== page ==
The Songs Of The Kings
"Troy meant one thing only to the men gathered here, as it did to their commanders. Troy was a dream of wealth; and if the wind continued the dream would crumble." As the harsh wind holds the Greek fleet trapped in the straits at Aulis, frustration and political impotence turn into a des...more
When I am done with this book, I hope to know two things: first, what "it" is, and second, what the Greeks call it.
This could have been a brilliant book, but Unsworth didn't know how to fit all the pieces together. Kennedy's story is more successful than Mitsos', because it was about how petty human weaknesses lead to tragedy and didn't rely on overblown drama. It felt more real. Mitsos as a character seemed unclear, like he wasn't fully fleshed out and didn't exist for any reason other than to serve the final scen ...more
The ancient Greeks thought the Trojan War was a historical event that had taken place in the 13th or 12th century BC.
The Trojan War has its roots in the marriage between Peleus and Thetis, a sea-goddess. Peleus and Thetis had not invited Eris, the goddess of discord, to their marriage and the outraged goddess stormed into the wedding banquet and threw a golden app ...more
Reviewers talk about how Unsworth uses the Iliad to draw out some of the inconsistencies of war in light of current events, etc. This is subtly and very well done througout the book-- Unsworth deftly weaves in "modern" thought with the story in a way that makes me wonder, has human nature changed at all? Moreover, I'm shocked by how much ...more
I was naturally predisposed to like it, as re-tellings of those myths can hardly fail.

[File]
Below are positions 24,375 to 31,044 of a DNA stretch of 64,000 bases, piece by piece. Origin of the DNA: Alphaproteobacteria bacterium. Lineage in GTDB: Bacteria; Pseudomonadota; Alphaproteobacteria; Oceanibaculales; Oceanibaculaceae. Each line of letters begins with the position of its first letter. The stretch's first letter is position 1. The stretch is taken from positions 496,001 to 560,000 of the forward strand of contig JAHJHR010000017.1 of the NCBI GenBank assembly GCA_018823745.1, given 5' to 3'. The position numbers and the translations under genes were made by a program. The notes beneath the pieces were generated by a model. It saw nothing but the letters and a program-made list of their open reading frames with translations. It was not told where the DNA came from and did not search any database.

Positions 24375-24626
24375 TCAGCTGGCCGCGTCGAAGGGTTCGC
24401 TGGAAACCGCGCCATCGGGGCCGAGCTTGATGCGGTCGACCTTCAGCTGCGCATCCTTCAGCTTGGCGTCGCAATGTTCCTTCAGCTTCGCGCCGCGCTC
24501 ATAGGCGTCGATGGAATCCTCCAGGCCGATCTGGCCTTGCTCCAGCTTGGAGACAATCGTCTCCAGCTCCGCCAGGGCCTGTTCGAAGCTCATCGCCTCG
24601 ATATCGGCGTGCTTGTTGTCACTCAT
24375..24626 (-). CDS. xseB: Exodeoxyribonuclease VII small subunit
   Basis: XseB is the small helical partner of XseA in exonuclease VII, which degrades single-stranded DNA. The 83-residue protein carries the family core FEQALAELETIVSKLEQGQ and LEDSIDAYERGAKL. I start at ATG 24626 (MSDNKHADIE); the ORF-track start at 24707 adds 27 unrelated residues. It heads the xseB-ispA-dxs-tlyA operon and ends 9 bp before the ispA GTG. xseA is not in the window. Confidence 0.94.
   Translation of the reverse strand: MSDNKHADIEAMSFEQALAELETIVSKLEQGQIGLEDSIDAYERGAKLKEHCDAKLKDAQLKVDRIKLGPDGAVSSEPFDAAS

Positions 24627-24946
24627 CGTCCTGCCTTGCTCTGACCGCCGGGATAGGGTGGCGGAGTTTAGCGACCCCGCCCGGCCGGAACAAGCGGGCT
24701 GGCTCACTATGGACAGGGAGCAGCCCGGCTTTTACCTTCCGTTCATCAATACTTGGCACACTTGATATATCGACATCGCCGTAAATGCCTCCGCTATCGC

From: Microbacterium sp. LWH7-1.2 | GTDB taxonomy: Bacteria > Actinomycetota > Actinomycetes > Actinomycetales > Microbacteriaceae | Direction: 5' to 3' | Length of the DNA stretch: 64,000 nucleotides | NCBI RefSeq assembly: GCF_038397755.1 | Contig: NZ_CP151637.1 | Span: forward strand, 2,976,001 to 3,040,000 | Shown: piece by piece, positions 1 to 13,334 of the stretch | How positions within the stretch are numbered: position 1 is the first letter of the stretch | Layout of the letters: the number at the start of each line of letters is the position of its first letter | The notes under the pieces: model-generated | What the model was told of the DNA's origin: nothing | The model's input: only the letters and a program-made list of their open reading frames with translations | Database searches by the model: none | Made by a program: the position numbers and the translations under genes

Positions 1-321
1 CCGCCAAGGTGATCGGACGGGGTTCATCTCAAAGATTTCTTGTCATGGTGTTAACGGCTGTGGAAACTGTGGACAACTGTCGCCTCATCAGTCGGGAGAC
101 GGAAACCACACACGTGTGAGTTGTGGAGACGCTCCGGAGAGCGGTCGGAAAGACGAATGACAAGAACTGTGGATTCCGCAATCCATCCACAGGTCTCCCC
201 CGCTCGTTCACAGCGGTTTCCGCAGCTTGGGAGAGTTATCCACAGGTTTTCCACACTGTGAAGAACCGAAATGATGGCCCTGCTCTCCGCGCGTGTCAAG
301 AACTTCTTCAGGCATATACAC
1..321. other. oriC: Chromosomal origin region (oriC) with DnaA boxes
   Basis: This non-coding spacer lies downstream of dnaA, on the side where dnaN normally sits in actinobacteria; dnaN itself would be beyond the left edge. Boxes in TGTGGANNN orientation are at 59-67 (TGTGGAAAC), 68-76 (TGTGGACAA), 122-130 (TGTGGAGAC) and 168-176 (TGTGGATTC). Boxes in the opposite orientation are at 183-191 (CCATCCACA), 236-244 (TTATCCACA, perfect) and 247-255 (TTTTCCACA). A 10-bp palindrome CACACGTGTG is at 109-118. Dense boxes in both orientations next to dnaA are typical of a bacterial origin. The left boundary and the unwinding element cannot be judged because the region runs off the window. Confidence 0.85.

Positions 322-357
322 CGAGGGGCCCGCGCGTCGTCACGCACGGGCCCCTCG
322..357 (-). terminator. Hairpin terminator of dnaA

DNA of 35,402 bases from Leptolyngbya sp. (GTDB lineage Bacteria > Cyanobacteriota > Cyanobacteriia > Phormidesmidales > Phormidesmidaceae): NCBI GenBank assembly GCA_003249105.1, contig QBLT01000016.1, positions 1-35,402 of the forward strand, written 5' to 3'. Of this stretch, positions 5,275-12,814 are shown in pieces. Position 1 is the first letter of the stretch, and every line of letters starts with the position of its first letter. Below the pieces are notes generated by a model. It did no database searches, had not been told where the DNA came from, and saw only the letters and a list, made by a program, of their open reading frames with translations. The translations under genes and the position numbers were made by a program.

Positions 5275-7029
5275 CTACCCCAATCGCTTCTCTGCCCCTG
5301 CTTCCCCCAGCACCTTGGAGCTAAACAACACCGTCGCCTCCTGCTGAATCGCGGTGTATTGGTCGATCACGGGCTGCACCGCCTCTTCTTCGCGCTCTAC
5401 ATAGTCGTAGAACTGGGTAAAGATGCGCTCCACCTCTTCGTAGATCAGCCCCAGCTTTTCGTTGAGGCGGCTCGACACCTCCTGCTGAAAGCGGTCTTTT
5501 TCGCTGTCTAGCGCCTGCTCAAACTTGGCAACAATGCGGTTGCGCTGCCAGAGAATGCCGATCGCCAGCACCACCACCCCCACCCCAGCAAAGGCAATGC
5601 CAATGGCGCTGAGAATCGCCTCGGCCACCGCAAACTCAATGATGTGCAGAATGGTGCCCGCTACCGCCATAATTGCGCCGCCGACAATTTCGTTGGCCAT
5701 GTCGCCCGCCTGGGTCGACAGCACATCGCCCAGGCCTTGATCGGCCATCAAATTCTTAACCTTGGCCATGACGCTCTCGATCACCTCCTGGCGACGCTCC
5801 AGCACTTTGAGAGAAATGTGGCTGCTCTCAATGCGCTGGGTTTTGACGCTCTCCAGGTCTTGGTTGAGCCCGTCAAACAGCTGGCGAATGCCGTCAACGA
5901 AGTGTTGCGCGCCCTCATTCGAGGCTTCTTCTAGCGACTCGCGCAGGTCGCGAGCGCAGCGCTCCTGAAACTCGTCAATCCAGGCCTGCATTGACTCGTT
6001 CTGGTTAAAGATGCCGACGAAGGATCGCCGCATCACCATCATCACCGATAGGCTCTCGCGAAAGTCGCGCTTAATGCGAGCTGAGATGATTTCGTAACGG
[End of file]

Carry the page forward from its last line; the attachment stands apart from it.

Why did this one fail for me then?
Unsworth central stylistic conceit is to to portray the heroes as ordinary men, whic ...more
It was immediately obvious that this wasn't really my style (overly descriptive and deeply strange style of speech), but I really tried to stick with this, because I not very secretly hoped that Clytemnestra would make an appearance. I should have given up when I realized that Unsworth made every character into an obnoxious caricature based on their most easily identifiable characteristic in the Iliad. The final straw for me, though, was ...more
The whole cast is on hand in this novel: Agamemnon, Menelaus, Achilles, Odysseus, Ajax, Nestor, and so forth. Unsworth's take on this drama is smart, satirical, irreverent. The characters are all interested in self-promotion, power politics, egotistical posturing, wealth and sex ...more
I laughed out loud a few times reading this, and was totally immersed in the story. A gem.
From 1951-53, in the British Army, Royal Corps of Signals, he served and became second lieutenant.
A teacher and a novelist, Unsworth worked as a lecturer in English at Norwood Technical College, London, at University of Athens for the British Council ...more